Playing In The Style Of Robben Ford - The Ultimate Guide To Using The Altered Scale In Blues Guitar Soloing

By Antony Reynaert

Do you want to be able to use gut wrenching outside sounds in your blues guitar playing? Wouldn’t it be awesome to be able to fully understand what the altered scale is and how you can use it in your blues guitar improvisations? You’ve come to the right place.

There are multiple resources talking about how the altered scale is related to superlocrian, which is also the 7th mode of the melodic minor scale. Unless you have a major in music theory, all this information is overly confusing, leading you to think that playing in the style of Robben Ford is very difficult.

Demistyfying Jazz Guitar Soloing And The Altered Scale

That is why we will approach this topic from a down-to-earth approach. To do so, we will start to look at how guitarists, and musicians in general, approach the topic of advanced blues and jazz guitar soloing. The great thing about blues soloing is that we can add specific scales that sound very tense, jazzy, etc. at specific times in a chord progression. Think about those guitarists like Scott Henderson (you might want to look this one up if you don’t know him yet) who make their audience turn their head with a sudden frenzy of notes that sound totally ‘out there’.

To understand how these guitarists use scales like the altered scale it is important that you have a basic understanding of how chord tones and scales relate. Basically, a scale exists out of two types of notes:

1. chord tones

2. tensions (also called extension notes)

Chord tones are the tones that are being used when we play a note that is in the chord we are playing over. For instance if we are soloing over the A7 chord, we can use these chord tones: A, C#, E and G. This is because these notes are in the chord. In music theory these notes are often referred to as consonant pitches. Tensions are notes that are not in the chord we are playing over, but are in the scale we are using. So for instance, if we are playing over the A7 chord using the A mixolydian mode we are using these notes: 

A B C# D E F# G

The bold notes in the scale above are the extension notes, since they are not part of the chord, but they are part of the scale. In music theory these notes are often referred to as dissonant pitches (level 1). So to recap we are having these pitches:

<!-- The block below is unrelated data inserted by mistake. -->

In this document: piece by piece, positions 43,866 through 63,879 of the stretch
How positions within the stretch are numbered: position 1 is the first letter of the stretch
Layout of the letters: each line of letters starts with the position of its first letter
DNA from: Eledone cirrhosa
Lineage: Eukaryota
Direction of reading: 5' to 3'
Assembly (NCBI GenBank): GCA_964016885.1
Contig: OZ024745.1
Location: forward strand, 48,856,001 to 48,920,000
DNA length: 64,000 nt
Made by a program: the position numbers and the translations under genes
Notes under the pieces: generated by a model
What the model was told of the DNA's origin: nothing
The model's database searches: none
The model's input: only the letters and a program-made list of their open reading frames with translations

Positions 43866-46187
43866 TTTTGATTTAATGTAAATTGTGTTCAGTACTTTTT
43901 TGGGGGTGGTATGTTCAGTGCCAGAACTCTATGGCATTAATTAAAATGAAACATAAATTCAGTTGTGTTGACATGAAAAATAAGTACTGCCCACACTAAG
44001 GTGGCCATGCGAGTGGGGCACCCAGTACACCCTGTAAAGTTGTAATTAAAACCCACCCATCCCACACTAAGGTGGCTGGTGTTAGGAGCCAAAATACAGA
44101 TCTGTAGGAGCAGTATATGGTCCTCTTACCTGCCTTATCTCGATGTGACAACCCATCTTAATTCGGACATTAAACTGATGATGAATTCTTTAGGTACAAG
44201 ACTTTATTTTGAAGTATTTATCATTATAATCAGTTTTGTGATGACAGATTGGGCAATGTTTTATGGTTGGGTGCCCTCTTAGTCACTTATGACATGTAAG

1. chord tones = notes that appear in the scale AND also in the chord (consonant pitches)

2. extensions/tension notes = notes that appear in the scale but NOT in the chord (dissonant pitches (level 1)).

Experienced guitarists target chord tones when they want to play safe, outline the chords they are playing over, or if they generally are looking for a more stable sound. On the other hand, they target tension notes if they want to add… well, tension.

How Altered Tones Can Give Your Solos That Twisted Heartfelt Feel 

These tension notes have a more dissonant feel to it, but we can even take this one step further. To create even more tension, we can ‘alter’ the extension notes. In this way we are creating a third group of possible notes to use when soloing: 

1. chord tones

2. extensions/tensions

3. altered tones

These altered tones gives the lick or passage in the solo a really tense, jazzy feel. 

The altered tones consists out of:

  • The b5
  • The #5
  • The b9
  • The #9

This is where the altered scale comes in. When using the altered scale we are playing: chord tones coming from the dominant seventh chord mixed with altered tones. Yes it is true that this altered scale is related to the superlocrian scale, which is the 7th mode of the minor melodic scale. But approaching the altered scale in this way can be confusing and I would not recommend to study this relationship until you really understand how the altered scale is build up and how it can be used in a blues setting.

What The Altered Scale Really Is When You Omit All That Confusing Jazz Theorist Noise